Toddler Tantrum
Toddler Tantrum

The Angry Toddler

Suddenly I have an angry toddler on my hands. I always thought the Terrible Two’s started at 2 years old. Much to my horror my daughter started with tantrums at about 1 year old and they have just been building in ferocity ever since and she is nearly 3 years old now. I came to the conclusion that firstly as a busy mom with my own business and a new baby she is looking for attention.




As much as I try my best to be an attentive, loving mommy at all times the truth is that there is just not enough time or energy to devote to this!

The attention she of course does get on a regular occasion is when she acts out and I lose my temper too. All the small little achievements go unnoticed and the naughty things get the kind of airtime she craves.

The second thing that I believe very much adds to this difficult stage is she was not able to understand her feelings properly and certainly not able to voice them appropriately.

I decided a little while ago to try and focus intensely on this “little” problem. I tackled it from the two areas I felt needed to be addressed. The first thing I did was start talking to her about feelings. If she threw a tantrum for any reason I would ask her if she is feeling angry, hurt, sad or scared.

Very soon she caught on to this and now very often instead of throwing herself on the floor she will voice her feelings in the correct way. She will tell me “I am ANGRY with mommy” or the one that really gets my heart strings tugging is when she tells me “Calista is very, very sad now”.

The next step in this process was to ignore as much of her bad behaviour as humanly possible (no easy feat!) and to try and acknowledge each and every good thing she did in the day and applaud and congratulate her.

To be honest in the beginning it was not easy because we were all (the entire family) stuck in a rut with her bad behaviour and when I asked my hubby to come on board with my plan he said he is struggling to find anything that works. My heart went out to my daughter at this moment, mainly because he was spot on.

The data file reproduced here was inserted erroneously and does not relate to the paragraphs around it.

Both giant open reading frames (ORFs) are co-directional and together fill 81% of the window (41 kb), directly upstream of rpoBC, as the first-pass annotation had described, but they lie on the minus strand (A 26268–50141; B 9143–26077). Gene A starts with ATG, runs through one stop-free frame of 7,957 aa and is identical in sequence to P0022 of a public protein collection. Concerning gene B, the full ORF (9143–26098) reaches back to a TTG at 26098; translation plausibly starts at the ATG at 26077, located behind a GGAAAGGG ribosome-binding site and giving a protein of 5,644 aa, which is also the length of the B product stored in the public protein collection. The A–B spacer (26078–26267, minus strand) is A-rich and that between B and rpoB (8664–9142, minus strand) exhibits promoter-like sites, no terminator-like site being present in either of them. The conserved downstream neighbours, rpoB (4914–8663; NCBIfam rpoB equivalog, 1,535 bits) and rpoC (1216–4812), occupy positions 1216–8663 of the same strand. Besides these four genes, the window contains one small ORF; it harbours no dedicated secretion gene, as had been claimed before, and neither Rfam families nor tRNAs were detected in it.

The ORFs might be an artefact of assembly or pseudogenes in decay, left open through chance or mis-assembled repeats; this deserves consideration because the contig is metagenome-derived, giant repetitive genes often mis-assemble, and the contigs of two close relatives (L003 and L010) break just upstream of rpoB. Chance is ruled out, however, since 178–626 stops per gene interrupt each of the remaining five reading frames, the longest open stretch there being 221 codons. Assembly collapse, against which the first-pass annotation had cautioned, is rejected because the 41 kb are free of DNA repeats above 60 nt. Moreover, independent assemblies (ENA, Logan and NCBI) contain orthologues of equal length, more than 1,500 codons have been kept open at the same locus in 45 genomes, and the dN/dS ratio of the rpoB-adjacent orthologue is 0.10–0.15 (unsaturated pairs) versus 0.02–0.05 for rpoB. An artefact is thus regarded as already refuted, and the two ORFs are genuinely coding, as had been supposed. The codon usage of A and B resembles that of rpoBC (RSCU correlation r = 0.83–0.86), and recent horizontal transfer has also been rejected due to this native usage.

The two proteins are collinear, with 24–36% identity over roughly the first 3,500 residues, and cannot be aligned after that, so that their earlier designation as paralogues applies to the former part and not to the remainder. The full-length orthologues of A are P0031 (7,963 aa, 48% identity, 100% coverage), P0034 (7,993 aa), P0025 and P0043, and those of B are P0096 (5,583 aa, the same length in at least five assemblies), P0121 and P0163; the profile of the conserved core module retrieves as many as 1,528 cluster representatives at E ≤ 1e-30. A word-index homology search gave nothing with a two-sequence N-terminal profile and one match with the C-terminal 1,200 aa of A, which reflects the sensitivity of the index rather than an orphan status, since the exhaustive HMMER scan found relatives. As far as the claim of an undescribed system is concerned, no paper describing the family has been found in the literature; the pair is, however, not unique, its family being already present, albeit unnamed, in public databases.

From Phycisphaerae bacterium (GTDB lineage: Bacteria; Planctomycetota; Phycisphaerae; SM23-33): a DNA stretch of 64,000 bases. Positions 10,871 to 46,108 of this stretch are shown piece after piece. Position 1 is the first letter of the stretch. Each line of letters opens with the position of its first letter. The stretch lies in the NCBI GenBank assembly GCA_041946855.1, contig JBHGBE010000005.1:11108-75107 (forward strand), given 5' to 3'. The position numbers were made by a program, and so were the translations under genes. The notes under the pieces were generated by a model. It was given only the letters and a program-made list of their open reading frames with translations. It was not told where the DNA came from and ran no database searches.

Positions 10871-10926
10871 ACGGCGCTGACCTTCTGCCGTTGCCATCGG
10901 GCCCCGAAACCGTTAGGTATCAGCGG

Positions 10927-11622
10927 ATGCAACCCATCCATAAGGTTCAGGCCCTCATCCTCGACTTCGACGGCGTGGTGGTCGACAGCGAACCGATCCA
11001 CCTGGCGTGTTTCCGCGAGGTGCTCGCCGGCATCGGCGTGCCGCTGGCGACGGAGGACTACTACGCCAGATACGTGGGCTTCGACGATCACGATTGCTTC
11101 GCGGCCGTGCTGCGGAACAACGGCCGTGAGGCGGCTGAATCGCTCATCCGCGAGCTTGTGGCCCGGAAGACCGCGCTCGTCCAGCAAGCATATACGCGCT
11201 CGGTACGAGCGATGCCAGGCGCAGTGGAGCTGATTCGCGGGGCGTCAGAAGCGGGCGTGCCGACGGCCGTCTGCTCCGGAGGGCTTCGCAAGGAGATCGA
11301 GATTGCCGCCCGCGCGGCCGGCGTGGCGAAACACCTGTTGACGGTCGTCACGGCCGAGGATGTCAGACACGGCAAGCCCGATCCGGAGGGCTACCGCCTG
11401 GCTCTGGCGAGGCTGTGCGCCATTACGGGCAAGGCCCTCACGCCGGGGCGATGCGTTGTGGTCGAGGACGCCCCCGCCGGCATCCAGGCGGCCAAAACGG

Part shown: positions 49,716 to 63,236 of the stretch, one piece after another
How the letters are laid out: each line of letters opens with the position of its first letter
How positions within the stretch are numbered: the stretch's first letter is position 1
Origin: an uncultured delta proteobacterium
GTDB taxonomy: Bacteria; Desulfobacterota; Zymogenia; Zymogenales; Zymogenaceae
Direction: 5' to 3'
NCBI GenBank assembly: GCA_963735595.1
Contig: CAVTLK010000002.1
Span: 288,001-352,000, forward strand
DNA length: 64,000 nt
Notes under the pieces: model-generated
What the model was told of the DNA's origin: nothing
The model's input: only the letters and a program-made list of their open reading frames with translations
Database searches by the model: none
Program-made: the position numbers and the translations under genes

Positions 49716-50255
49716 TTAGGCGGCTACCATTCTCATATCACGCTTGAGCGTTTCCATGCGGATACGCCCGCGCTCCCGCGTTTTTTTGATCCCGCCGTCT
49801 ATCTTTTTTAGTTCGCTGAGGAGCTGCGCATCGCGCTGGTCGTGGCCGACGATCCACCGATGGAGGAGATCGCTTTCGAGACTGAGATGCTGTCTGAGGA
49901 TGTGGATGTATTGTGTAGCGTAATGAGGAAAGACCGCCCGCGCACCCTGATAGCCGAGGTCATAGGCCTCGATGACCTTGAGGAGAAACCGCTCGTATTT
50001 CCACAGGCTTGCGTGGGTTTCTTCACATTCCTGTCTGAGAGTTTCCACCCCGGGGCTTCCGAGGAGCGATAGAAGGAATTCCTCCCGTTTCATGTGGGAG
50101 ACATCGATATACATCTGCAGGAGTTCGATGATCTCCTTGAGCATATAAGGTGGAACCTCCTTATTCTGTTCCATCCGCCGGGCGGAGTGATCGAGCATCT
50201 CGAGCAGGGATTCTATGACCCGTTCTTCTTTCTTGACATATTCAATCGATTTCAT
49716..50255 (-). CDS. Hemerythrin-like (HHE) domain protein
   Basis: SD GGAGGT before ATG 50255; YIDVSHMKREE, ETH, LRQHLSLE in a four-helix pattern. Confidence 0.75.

I started with little things (because that is all I could find) and made a huge fuss about it. It did not take long at all for her to bask in the glory of Mommy’s praise. It made me realise how I had been dealing with things incorrectly for so long. I then decided that it might be good to give her specific “chores” every day that she knows will make us proud.

Her list of daily duties includes setting the table (minus anything breakable which really just means putting the salt & pepper and cutlery on the table), taking her plate to the kitchen when she is finished eating, taking her empty milk bottle to the kitchen sink every morning and making her own bed.

She has now been completing her daily chores every day with great pride. We also try and pack away her toys at the end of the day together. To be honest sometimes I don’t have the energy and just leave everything lying all over the floor!

Reward Charts for Toddlers

A very successful tool that I added in here is a rewards chart. I just bought pretty cardboard, kokis and a whole stack of stickers. We sit down together and make her chart. She chooses the stickers she wants to decorate it with and stick it on the wall. Every time she does something good I put a gold star on the chart until she has 10 stars and then she gets a reward, something small like Jelly Tots or a bowl of ice cream.

We also used this chart for potty training; every time she used the toilet she got a star too. The difficulty with this method is that she caught on very quickly and each time she hit 7 stars she would stand in front of the chart thinking and then run to the toilet and make a wee. Then she tells me “Wee in toilet, want a star” and I put a star up.

Then she stands in front of the chart again and I can see this little mind ticking away and off she runs to the toilet to try and squeeze another one out. Even though she never actually produced anything she tells me again she needs a star.